When the news of the Pulse shooting struck, my instinctive reaction was to shut up, withdraw, and stop wanting to exist in this world. That’s the unhealthy coping mechanism I’ve had towards violence since I was a child and it’s always kept me safe. It’s always kept me safely contained and safely silenced too.
But this is not the world I grew up in, when I was young and frightened. In that world it would have been unthinkable to have Pride processions in which the police were there to defend you. The President wouldn’t have gone on the air to express sympathy for the victims – he would have been the one who ordered the night club to be raided in the first place.
It seems impossible to think it, in the light of the shooting, but the world has become a better place for queer people in the last twenty years. And maybe that’s why the shooter decided it was time to put people back where they belonged, to make them afraid so they would shut up.
I wasn’t even sure if I deserved to talk about this. After all, I’m not American, I’m not gay and I’m not Latin@. It’s not for me to talk over the voices of anyone that is. But this morning I was talking with JL Merrow about growing up genderqueer/agender and thinking “thank God we don’t live in the ’70s any more.” Then I read this article from The Washington Post and it reminded me that the reason we don’t live in the ’70s any more – the reason things are better now – is that people have been speaking out, coming out, campaigning, being seen and refusing to shut up and hide all that time.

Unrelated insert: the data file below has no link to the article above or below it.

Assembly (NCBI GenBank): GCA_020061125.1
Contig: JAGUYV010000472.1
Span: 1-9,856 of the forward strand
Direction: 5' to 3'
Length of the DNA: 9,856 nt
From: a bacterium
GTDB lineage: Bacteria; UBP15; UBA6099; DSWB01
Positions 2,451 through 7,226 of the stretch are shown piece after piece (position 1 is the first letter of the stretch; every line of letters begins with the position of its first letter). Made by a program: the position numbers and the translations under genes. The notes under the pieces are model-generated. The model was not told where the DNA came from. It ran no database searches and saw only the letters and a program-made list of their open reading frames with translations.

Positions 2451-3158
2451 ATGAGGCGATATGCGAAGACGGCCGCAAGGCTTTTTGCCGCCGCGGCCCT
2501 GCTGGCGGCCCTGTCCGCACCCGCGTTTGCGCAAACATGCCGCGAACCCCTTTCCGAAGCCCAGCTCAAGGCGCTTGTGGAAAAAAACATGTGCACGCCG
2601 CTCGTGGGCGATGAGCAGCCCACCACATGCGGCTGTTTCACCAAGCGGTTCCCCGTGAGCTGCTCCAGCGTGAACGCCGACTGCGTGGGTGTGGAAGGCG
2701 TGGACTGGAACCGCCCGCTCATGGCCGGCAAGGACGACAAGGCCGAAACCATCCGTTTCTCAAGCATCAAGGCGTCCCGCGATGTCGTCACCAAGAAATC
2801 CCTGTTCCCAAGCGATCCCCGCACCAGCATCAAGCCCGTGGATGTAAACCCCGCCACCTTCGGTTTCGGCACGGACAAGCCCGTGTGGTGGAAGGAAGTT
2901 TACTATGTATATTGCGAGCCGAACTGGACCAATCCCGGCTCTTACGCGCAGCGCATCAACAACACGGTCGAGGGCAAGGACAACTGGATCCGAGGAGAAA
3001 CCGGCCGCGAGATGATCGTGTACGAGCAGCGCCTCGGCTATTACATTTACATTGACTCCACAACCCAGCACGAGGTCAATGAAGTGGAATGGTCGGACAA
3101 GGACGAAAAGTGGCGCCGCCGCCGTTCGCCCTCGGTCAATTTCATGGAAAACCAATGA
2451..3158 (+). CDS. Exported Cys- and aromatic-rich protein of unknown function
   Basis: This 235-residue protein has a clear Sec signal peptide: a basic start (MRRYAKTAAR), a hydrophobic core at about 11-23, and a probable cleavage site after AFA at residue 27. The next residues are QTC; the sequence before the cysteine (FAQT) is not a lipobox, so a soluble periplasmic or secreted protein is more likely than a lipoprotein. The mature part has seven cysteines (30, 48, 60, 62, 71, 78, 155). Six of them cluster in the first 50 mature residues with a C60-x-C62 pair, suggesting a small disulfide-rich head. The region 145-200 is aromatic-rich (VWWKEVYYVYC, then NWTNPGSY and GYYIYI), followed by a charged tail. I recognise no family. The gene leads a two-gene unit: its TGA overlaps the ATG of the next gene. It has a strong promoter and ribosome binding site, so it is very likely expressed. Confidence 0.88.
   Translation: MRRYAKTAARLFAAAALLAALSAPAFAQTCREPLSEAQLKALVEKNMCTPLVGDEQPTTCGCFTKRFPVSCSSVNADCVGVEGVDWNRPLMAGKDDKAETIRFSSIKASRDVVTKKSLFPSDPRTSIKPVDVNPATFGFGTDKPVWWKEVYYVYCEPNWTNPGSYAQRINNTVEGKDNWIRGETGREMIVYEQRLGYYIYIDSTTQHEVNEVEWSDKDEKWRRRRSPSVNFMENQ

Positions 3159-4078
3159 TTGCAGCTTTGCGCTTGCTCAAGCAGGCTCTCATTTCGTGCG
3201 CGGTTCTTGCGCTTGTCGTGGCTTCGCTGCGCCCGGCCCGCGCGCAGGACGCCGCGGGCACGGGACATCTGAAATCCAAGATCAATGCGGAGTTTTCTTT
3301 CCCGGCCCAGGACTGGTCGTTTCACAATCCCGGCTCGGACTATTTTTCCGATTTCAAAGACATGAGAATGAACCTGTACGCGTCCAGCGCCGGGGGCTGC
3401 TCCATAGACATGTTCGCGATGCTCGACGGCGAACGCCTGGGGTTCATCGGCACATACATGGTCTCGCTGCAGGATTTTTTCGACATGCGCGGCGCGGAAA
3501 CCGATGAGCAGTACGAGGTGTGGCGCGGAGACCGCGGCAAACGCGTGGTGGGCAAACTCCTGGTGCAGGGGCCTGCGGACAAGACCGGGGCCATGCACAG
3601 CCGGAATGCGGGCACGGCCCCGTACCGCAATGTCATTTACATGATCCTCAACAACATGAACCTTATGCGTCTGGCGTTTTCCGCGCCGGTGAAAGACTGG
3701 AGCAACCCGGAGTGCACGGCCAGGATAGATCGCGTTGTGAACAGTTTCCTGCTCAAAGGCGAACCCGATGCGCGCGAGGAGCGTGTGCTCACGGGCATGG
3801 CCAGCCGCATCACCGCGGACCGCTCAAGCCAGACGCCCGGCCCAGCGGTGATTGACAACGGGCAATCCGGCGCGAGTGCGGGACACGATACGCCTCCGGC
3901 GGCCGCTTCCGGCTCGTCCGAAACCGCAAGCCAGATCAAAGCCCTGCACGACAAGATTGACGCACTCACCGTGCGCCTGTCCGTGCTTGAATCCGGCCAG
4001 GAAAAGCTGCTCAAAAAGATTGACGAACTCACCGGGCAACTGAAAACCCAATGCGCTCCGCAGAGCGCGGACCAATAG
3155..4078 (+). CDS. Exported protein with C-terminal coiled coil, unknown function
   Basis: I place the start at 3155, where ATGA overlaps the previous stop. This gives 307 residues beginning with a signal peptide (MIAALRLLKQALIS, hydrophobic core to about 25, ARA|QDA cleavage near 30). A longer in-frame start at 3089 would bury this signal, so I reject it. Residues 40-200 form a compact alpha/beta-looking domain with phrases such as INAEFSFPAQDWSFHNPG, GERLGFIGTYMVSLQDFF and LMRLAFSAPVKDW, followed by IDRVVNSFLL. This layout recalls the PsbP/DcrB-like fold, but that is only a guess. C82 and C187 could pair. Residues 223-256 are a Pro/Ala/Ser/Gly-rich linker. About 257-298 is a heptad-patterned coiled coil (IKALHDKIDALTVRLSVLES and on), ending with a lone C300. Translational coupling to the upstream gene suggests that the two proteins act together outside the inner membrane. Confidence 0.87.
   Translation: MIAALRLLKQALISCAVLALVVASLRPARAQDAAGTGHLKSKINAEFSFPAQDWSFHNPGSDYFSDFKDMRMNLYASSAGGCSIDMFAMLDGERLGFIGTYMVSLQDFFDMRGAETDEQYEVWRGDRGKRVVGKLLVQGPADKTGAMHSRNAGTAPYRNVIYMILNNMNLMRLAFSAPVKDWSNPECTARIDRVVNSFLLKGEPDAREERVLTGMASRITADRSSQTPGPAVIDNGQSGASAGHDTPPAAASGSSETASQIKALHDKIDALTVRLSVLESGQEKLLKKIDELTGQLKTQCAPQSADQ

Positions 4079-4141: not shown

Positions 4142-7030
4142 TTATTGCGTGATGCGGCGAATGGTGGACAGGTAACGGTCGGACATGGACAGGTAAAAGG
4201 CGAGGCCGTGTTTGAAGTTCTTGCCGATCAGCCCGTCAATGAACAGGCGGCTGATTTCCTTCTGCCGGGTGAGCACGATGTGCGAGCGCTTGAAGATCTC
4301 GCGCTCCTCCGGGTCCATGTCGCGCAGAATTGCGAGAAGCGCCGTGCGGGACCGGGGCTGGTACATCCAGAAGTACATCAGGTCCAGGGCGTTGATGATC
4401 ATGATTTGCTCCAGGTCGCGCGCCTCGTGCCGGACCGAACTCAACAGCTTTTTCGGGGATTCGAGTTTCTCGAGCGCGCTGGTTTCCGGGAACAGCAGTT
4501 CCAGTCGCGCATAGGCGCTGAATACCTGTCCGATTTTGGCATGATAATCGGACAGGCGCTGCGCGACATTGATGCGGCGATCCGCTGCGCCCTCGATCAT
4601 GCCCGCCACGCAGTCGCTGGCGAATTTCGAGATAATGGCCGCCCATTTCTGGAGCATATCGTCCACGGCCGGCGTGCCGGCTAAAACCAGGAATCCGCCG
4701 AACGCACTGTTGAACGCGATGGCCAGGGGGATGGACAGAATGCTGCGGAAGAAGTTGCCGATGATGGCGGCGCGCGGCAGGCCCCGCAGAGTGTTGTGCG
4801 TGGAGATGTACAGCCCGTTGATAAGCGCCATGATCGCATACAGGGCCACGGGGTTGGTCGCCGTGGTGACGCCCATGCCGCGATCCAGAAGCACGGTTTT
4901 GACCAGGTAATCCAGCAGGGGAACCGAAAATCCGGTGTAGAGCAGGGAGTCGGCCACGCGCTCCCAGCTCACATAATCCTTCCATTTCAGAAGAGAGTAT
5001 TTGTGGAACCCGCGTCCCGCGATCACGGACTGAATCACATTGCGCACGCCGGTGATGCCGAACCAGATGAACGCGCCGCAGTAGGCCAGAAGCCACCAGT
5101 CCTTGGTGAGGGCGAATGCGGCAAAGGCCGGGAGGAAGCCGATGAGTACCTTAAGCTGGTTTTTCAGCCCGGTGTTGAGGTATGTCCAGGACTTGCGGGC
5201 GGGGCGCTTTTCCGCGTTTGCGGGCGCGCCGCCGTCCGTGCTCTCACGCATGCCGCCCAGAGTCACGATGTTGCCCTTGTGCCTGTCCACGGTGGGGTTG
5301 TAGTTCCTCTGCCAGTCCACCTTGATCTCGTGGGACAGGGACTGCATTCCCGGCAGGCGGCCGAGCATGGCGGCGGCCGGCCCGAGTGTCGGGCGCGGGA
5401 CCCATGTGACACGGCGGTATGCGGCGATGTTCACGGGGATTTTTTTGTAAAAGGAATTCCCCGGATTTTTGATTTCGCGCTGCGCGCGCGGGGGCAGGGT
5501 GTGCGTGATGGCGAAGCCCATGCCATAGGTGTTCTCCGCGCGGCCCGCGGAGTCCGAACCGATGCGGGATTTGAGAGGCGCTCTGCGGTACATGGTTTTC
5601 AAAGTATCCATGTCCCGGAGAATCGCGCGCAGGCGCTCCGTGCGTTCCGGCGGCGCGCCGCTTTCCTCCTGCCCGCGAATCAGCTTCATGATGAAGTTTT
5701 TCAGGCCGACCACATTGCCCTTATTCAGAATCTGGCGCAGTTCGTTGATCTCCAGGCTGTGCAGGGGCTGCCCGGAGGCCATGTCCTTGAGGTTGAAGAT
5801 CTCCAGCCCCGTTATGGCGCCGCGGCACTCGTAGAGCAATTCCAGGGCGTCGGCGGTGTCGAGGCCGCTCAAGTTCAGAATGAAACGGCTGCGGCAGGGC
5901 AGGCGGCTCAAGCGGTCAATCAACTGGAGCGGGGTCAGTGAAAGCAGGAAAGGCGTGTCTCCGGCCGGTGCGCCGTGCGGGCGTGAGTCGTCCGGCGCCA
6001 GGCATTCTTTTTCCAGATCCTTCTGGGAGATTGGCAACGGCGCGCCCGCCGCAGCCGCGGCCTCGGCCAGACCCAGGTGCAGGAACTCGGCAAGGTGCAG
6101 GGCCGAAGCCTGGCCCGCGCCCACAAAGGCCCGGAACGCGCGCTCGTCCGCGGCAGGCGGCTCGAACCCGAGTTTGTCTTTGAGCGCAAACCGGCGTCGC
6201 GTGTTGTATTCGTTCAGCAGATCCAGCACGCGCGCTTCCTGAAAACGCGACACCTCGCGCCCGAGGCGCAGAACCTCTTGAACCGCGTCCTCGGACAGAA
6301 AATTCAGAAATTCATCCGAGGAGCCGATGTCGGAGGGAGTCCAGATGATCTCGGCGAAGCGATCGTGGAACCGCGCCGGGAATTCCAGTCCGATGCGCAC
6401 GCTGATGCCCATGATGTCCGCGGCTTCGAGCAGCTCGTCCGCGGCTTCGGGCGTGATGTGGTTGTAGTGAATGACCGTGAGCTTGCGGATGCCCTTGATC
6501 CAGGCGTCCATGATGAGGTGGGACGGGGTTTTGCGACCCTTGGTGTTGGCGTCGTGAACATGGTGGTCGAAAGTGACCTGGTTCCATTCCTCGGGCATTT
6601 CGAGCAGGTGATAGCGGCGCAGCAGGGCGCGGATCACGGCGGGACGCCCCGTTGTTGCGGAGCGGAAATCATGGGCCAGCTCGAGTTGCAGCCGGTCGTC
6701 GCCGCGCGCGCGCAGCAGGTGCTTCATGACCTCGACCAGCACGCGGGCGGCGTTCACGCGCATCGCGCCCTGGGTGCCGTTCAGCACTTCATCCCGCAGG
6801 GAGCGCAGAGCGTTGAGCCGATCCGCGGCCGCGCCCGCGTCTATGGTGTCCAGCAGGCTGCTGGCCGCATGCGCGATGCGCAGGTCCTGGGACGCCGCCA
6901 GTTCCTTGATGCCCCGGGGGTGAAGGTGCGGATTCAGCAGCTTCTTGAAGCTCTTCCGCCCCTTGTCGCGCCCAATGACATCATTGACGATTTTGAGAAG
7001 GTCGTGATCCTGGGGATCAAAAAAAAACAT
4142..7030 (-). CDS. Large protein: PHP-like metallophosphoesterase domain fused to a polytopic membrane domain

I like the note of hope the Washington Post manages to raise there. I like this post too. I like the way it says
“So if recent events, whether a tragedy today, or bigotry tomorrow threatened to steal that spark of pride from you, continue creating an accepting world.”
I can’t speak with any authority, except for the authority that says to the bigots out there Murdering people is wrong. Fucking stop it! Hurting people is wrong, regardless of their orientation or sexual behaviour or race or gender or genitals or religion, or whatever. You think your God – a good God, a merciful God – would have wanted this? There are not words to say how fucking wrong you are.
But this is me speaking anyway, because my instinctive reaction is to be silenced, and I’m not having that any more.
Mirrored from Alex Beecroft - Author of Gay Historical and Fantasy Fiction.